We had hoped to do a sailfish trip run by Pro Dive in an area off Isla Mujeres, where the fish congregate from January to March. Unfortunately for us, the weather had been a little overcast and windy, which makes it difficult to spot the aggregations in the open ocean.
Rather than spend a fruitless day at sea in choppy waters, we decided to postpone the trip and do the bull-shark dive on offer instead. Our exciting encounters with the bull sharks I described last month, as they were exceptional enough to deserve their own stage. These dives are a hard-to-resist option between December and March.
Bull-shark dives normally happen in the morning, followed by a shallower reef dive before the boat heads back.
We did one of these second dives at a site called Jardine, where the 10m sand bottom appeared storm-damaged. That’s fairly normal on shallower dives in the Caribbean, where reefs feel the force of hurricane season throughout our autumn.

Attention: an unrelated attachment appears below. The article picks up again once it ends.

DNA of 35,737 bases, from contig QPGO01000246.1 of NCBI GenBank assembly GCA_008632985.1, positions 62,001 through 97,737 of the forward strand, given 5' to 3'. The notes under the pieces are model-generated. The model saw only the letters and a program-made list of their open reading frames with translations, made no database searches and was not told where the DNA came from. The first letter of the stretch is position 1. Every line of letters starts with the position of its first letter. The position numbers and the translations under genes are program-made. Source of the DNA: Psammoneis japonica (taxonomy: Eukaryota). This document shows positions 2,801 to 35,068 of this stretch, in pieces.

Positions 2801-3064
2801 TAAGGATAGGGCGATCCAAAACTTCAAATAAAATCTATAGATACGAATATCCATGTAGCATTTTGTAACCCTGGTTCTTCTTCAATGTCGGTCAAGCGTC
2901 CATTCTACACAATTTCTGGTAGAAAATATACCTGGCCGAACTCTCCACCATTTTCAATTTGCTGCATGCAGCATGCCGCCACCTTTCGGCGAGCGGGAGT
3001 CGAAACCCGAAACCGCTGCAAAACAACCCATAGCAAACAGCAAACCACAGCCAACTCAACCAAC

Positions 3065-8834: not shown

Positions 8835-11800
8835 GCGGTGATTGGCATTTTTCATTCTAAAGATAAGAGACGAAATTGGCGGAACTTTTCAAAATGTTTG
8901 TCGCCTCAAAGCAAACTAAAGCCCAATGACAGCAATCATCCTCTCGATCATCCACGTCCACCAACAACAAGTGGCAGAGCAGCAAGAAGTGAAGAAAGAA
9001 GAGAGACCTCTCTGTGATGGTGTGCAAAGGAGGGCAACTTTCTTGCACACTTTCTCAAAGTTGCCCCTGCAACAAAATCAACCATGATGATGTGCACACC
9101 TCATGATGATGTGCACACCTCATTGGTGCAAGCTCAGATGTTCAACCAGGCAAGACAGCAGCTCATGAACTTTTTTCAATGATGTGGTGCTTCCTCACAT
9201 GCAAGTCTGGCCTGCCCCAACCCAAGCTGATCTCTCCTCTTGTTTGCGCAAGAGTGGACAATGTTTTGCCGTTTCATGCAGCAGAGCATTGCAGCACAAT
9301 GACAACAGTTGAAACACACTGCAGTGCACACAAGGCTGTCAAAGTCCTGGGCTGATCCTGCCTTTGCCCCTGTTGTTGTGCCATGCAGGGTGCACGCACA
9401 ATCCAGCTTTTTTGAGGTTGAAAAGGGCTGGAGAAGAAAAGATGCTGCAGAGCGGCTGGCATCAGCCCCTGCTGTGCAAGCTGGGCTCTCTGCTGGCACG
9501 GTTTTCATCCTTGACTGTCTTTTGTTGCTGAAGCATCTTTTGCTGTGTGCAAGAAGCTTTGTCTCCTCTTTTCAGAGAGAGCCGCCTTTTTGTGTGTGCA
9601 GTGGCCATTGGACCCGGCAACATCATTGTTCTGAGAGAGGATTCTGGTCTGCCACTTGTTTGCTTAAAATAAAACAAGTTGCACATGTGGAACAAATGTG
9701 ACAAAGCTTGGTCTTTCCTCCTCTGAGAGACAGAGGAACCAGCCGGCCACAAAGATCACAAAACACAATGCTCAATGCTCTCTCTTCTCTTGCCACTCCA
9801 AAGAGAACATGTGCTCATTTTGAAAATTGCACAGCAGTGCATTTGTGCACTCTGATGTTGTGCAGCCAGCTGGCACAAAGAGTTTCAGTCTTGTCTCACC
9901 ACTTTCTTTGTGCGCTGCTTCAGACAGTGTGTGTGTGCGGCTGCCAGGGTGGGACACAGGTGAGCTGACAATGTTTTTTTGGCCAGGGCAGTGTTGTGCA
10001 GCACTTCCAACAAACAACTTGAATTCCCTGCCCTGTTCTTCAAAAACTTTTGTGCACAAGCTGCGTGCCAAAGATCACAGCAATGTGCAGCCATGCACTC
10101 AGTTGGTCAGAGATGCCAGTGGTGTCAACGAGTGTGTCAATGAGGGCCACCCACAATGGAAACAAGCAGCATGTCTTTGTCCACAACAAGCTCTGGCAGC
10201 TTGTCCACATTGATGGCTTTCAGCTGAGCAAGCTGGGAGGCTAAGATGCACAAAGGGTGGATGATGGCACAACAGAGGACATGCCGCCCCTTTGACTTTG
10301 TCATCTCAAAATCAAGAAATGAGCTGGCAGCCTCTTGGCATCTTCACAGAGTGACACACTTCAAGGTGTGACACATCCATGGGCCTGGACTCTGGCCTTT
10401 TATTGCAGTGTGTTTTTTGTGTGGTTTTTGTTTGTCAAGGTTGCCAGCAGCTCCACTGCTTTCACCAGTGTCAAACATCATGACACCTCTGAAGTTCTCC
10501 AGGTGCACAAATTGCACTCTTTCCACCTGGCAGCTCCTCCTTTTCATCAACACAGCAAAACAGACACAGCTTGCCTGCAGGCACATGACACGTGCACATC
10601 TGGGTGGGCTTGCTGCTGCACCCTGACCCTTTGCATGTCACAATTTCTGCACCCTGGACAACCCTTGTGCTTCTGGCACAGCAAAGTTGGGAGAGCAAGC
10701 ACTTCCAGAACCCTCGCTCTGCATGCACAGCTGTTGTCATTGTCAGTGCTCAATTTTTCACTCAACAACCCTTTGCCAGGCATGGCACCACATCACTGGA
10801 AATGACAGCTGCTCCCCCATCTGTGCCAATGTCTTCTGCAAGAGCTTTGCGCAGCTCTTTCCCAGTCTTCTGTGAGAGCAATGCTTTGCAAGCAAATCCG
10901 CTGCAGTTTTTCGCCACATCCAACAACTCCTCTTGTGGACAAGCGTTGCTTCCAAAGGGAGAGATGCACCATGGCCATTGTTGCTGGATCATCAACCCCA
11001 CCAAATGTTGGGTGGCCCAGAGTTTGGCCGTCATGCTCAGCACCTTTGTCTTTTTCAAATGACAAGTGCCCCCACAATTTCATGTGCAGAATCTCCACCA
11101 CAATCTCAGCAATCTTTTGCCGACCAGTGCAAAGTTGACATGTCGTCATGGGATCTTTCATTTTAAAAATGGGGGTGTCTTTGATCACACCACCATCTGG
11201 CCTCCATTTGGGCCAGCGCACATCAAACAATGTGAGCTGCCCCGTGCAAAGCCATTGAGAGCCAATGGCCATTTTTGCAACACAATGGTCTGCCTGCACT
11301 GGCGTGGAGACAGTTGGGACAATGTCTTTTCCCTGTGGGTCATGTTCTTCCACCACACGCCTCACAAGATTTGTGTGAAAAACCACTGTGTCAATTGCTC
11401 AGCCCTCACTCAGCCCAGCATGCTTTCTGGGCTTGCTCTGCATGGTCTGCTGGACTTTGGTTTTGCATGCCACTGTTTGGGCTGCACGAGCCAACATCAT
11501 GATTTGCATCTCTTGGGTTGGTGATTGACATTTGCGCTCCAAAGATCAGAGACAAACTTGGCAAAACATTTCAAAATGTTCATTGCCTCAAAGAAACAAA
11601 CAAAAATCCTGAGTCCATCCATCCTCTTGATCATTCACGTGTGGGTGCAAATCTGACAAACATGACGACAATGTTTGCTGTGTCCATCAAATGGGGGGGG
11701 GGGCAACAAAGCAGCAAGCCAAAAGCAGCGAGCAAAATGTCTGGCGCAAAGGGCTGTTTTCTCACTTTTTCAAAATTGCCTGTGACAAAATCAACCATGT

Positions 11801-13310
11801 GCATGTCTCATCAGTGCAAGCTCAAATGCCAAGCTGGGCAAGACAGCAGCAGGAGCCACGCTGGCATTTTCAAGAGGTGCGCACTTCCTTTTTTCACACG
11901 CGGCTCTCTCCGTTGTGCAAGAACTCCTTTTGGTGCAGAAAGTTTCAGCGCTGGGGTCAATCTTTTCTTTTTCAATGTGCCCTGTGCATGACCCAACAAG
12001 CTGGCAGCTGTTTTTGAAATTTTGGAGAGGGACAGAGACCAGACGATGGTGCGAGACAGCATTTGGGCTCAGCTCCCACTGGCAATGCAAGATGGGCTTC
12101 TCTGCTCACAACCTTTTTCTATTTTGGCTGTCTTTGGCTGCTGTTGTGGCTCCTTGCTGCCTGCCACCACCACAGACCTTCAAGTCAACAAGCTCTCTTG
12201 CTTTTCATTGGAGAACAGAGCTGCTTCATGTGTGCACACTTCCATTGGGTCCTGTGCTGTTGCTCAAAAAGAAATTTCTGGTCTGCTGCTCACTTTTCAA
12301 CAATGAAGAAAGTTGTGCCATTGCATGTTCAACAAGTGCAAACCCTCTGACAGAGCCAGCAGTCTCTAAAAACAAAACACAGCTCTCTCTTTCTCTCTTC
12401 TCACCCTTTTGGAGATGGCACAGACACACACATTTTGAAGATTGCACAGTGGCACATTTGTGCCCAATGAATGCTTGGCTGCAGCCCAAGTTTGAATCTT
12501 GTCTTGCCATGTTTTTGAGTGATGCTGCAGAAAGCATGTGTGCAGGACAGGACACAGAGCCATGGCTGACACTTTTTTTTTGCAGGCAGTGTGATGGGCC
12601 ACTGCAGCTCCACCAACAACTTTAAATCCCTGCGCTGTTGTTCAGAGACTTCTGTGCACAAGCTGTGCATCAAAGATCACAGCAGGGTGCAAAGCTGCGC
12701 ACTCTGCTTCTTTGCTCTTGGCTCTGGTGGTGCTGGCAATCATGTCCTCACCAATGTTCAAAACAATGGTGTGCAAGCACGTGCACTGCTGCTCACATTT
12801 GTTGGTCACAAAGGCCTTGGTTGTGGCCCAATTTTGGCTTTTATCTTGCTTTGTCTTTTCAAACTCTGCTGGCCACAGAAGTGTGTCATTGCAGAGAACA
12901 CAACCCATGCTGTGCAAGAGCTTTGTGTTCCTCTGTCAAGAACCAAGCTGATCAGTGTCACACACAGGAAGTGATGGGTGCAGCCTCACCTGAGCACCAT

Feeding among the brown soft corals and algae at Jardine, however, were throngs of snapper, tang, wrasse and grouper. Two large pufferfish approached, one inspecting my dome-port and posing for a few minutes. Later a large cuttlefish did the same. I get a privileged feeling when marine-life interacts in this way.
ANOTHER OF THOSE post-bull-shark dives occurred later in the week at Moc-Che Shallow, which Gustavo had said was a great site for smaller critters. I put on a macro lens.
At 10m the bottom rose more like a shallow rise in the sand than a reef, covered in seafans, soft corals and colourful sponges. A gentle dive with little current ensued, giving us plenty of time to search the nooks.
A Pederson shrimp danced about in a corkscrew anemone, looking as if it had springs for arms. Gustavo found a tiny baby boxfish cutely pouting. We also spotted an extremely well-camouflaged baby filefish hiding in a hard coral. After nearly 70 minutes, which seemed to pass in seconds, we returned to the surface.